Choose generic food brands. Choose the generic or ‘home brand when purchasing basics like oats, rice, pasta, nuts, etc. They often taste similar to (or better than) the high-level brand name ingredients but are a fraction of the price. All you miss out on is fancy packaging!
Buy foods in bulk. Buying the basics or products you use regularly in bulk will save you a whole lot. Buying the bulk products may seem to ‘damage’ your budget initially but the price per kilogram will be much less than buying the product in smaller amounts. I regularly go to an Asian wholesale grocery (where people who run restaurants shop) to purchase things like rice, tofu and stir fry noodles in larger packaging (and at a lower price) than I can get at my local grocery store.
Buy fruits and vegetables that are in season. Imported fruits and vegetables will have travelled more ‘food miles’ and thus incurred greater costs and the cost ends up being transferred to us as consumers. Buying in season produce is a good idea when living on a budget. (Or buy the out-of-season fruits and vegetables frozen). Right now, I’m eating a lot of apples and bananas because it’s the start of winter here in Switzerland and the summer, exotic fruits are rarely available and very expensive. For example, I saw a mango for sale for 5 francs. 5 Swiss francs for one mango! That is determinately not viable for someone on a budget.
Go shopping with a shopping list. This way, you will avoid impulse purchases that may not fit into your budget. Make a list before you go to the grocery store and find what you need, buy it and then leave. Also, avoid grocery shopping while hungry. I know this from experience – many times I have ended up buying cookies to eat on the train ride home because I was hungry. And for the price of the cookies, I could have bought about 750 grams of apples or something. If you are serious about a budget, learn to stretch every dollar to the way most conducive to your health goals.
Cook and prepare your own food. Take your lunch with you to university or work instead of eating at the cafeteria or buying take-away from somewhere. If you have to rush in the morning, prepare your food the night before. When living on a budget, every dollar counts so make sure you spend your money wisely. A take-out meal here in Zurich costs on average about 20 francs. For that amount of money, I could buy groceries to last me about a week.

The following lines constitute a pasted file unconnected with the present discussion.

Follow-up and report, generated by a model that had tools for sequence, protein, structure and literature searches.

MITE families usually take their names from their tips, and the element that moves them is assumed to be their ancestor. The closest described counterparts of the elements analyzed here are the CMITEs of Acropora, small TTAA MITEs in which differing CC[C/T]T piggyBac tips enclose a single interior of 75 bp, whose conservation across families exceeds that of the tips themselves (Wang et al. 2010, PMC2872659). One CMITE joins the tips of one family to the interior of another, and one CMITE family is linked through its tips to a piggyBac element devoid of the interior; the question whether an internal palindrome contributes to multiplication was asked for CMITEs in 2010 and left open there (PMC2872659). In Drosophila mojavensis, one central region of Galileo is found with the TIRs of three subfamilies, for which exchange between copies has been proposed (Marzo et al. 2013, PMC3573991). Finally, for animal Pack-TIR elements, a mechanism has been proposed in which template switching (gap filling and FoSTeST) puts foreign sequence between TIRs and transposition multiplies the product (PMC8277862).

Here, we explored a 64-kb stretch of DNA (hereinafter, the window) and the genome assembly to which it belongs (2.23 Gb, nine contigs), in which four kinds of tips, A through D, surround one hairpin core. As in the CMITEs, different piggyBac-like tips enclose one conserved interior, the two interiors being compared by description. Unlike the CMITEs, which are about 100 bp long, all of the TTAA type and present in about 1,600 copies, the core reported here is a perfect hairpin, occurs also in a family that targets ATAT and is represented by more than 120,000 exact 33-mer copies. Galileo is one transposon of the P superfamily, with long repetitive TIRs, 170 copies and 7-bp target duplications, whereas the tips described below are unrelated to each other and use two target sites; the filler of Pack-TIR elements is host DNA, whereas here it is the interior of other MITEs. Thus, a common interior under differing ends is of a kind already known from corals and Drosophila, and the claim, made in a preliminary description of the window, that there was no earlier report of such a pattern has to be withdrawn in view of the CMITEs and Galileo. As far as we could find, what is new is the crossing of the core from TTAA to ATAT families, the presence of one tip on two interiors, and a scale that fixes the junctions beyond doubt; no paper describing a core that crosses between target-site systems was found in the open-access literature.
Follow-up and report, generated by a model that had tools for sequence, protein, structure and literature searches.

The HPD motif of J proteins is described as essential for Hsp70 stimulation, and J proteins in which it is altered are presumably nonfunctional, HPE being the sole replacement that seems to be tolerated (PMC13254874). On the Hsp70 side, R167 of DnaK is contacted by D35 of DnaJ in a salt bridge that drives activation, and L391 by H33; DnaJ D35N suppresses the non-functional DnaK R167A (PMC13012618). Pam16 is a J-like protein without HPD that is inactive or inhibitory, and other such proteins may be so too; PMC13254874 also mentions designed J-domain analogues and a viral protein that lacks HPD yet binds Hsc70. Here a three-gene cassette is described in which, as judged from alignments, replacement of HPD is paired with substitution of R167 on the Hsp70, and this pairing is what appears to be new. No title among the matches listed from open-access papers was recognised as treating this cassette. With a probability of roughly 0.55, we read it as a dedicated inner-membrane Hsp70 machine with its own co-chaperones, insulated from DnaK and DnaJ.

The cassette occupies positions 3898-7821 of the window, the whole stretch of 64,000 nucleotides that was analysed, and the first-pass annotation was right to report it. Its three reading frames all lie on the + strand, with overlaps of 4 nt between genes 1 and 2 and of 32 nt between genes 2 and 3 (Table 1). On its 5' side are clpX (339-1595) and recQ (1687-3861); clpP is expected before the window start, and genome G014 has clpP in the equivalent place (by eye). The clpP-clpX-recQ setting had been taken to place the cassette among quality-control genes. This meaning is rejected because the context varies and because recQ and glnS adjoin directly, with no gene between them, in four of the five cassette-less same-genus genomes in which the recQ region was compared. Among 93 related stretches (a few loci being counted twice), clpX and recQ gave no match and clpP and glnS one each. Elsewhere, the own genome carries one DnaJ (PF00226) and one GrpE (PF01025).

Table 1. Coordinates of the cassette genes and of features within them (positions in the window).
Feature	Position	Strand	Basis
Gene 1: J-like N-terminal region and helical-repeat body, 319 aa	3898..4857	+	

Look out for sales. Stay up-to-date with specials that run at your local grocery store. If something you use often is on sale, buy multiples (provided the use-by-date is in a long time; you don’t want anything to go to waste). The other day, my local store had a sale on canned tomatoes and as I use a lot of canned tomatoes in my cooking, I bought about 6 cans. The price of the 6 cans on special was much less than the price of 6 individually bought cans at a regular price.
I hope these tips and tricks can help you to eat healthy foods on a budget. People often argue that “healthy food is more expensive than junk foods” and they use that as justification for their diet. That is a lie. It is easy, simple and budget friendly to focus on healthy whole foods (and choosing to eat those whole foods will also reduce your medical expenses, helping your budget even more).
If you have any budget tips, I would love to hear them! Add them to the comments below so that we can help people from all walks of life eat a healthy diet.